He continued to play music in college at Harvard. But by then he had determined that he’d pursued music as far as he wanted to go, so he decided to major in film. He started shooting footage around Boston for an avant-garde jazz musical he had in his head, casting local musicians in the lead roles rather than actors. After he graduated in 2007, he took the student footage to Los Angeles, spliced it together as an 82-minute feature titled Guy and Madeline on a Park Bench and sent it around the festivals, where it was well-received but ended up with only a small limited release in six theaters. But the film gave Chazelle enough of a boost to land him gigs as a scriptwriter in Hollywood — they just weren’t the sorts of scripts (The Last Exorcism Part II) he particularly wanted to write. “I was a writer for hire,” he says. “I wrote to pay the bills.”
A decade after high school, though, he still was haunted by nightmares of his trauma in the rehearsal room. And then it hit him. “The thought entered my mind to make a movie about how f—ing scared I was,” says Chazelle, who hasn’t kept in touch with his teacher. “I wanted to make a movie about a different side of music, about the fear and anguish of it.”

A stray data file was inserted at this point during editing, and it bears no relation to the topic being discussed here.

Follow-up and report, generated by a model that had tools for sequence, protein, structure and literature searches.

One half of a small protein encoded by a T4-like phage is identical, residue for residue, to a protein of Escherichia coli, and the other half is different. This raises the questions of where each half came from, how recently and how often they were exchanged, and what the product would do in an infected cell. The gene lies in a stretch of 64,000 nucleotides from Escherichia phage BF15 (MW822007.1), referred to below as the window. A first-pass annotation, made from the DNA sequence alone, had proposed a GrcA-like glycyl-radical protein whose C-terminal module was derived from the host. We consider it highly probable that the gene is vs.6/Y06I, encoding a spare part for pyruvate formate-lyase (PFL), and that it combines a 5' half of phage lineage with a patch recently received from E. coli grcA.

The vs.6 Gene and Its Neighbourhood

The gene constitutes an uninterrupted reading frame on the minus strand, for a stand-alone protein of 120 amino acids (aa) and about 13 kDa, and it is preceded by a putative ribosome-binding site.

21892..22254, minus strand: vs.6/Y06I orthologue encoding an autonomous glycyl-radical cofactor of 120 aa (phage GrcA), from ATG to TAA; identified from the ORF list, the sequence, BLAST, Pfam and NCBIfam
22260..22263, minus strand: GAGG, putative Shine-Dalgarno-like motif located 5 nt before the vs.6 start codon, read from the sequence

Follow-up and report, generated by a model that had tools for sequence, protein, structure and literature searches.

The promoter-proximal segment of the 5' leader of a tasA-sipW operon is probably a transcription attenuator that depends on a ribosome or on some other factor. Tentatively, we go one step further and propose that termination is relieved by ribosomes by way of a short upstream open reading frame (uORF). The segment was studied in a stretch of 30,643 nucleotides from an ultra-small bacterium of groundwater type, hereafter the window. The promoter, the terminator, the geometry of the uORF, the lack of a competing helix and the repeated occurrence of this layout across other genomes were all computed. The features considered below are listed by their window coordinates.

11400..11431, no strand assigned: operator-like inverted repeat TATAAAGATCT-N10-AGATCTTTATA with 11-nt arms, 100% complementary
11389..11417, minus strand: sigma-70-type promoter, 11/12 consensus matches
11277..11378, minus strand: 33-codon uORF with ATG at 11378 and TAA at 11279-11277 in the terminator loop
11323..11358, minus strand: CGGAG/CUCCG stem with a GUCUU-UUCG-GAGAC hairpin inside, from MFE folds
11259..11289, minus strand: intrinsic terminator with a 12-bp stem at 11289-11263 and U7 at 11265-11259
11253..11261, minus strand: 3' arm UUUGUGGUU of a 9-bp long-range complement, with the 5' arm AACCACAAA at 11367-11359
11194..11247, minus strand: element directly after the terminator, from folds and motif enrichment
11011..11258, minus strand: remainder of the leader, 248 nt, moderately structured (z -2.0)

Simmons (L) as the terrifying teacher
He wrote a first draft in a few weeks, then continued tinkering with it for a year before sending it to his agents at Gersh. They spent six months shopping it around. But “nobody wanted to touch it,” says Chazelle. Nobody, that is, except filmmaker Jason Reitman, who fell in love with the story after being sent the script by Helen Estabrook (who heard about it from Couper Samuelson), Reitman’s producing partner at Right of Way Films. Reitman signed on to produce (along with Jason Blum‘s Blumhouse) but wasn’t at all sure how the film would get financed. “I was knocked out by the screenplay but also struck by the thought, ‘How do you make this movie?’ ” he says. “There is no road to the big screen for Full Metal Jacket set at Juilliard.”